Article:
NEW BRUNSWICK, NJ — More than four months after Rutgers University failed to pay thousands of employees a week’s worth of wages, union leaders have continued to press officials for the money.

Juanita Howard, contract organizer for the union that represents the school’s intern, resident and fellow physicians, implored Rutgers leaders at last week’s Board of Governors meeting to make good on the backpay.

“It’s been over four months, and we have not heard anything,” Howard said. “We really just want to have these residents and these employees paid.”

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Four unions have filed federal complaints against Rutgers, alleging that the school failed to pay more than $500,000 in wages last October after moving thousands of workers to a new payroll system. The affected employees worked for the University of Medicine and Dentistry of New Jersey and the Robert Wood Johnson Medical School before a 2012 state law brought both institutions under the Rutgers umbrella.

Following the merger, Rutgers moved those employees to a new payroll system. Because the schools’ pay periods were not aligned, that caused more than $500,000 in wages, including overtime, to go unpaid, according to the complaints.

They work at Robert Wood Johnson in New Brunswick but are employees of Rutgers.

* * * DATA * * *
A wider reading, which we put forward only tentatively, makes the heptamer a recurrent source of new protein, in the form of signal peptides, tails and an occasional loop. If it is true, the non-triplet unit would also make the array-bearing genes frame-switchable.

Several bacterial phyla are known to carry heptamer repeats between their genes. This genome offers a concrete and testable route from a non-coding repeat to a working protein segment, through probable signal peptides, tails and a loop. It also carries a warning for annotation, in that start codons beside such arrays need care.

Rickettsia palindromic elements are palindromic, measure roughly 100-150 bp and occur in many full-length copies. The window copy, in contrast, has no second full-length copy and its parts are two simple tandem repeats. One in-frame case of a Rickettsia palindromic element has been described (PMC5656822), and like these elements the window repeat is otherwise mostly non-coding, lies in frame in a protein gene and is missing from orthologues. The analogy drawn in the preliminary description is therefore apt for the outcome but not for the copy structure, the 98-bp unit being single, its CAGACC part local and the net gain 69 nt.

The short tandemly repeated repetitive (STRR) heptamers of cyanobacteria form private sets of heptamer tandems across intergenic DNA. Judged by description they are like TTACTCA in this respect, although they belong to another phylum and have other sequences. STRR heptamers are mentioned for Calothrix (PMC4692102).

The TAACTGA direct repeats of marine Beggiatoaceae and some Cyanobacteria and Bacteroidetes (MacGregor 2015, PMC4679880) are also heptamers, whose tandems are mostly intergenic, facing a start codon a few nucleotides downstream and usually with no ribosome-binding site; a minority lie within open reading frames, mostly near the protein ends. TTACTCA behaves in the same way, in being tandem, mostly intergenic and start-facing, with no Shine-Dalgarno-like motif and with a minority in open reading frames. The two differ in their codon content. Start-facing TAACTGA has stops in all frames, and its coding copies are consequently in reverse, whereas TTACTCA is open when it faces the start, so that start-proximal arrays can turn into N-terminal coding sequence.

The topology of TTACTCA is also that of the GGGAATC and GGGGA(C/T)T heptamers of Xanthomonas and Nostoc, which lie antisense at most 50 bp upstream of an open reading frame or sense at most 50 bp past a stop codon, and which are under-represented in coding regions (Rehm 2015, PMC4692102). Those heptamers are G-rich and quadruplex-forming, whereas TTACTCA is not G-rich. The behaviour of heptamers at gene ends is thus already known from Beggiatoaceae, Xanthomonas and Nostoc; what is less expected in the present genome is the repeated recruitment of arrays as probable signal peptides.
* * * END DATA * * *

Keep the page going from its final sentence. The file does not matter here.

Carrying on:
Responding to Howard, Rutgers President Robert Barchi vowed to pay staffers for the unpaid workweek.

“There’s no question that Rutgers intends to see that all the employees are appropriately reimbursed,” he said. “It’s a question of how the timing works out.”

Howard represents rising medical professionals, most of whom are working for Rutgers only temporarily and will soon move elsewhere. She said she worries how that could affect them receiving the backpay.

Barchi assured the union representative that individuals who leave Rutgers will be paid.

“You have my guarantee as the president that that’s the case,” he said.

Howard’s union requested that the money be paid to employees by the end of 2016, a proposal that didn’t come to fruition. Rutgers has floated several potential solutions to other unions, but none has been put into action yet.

Union representatives and affected employees have been vocal on the issue. They have reached out to media and taken to meetings, like early this month when Howard’s union spoke out during a gathering of the New Brunswick City Council.

Rutgers officials have said they are in negotiations with union representatives. Howard, however, said her group has been largely left out of those conversations.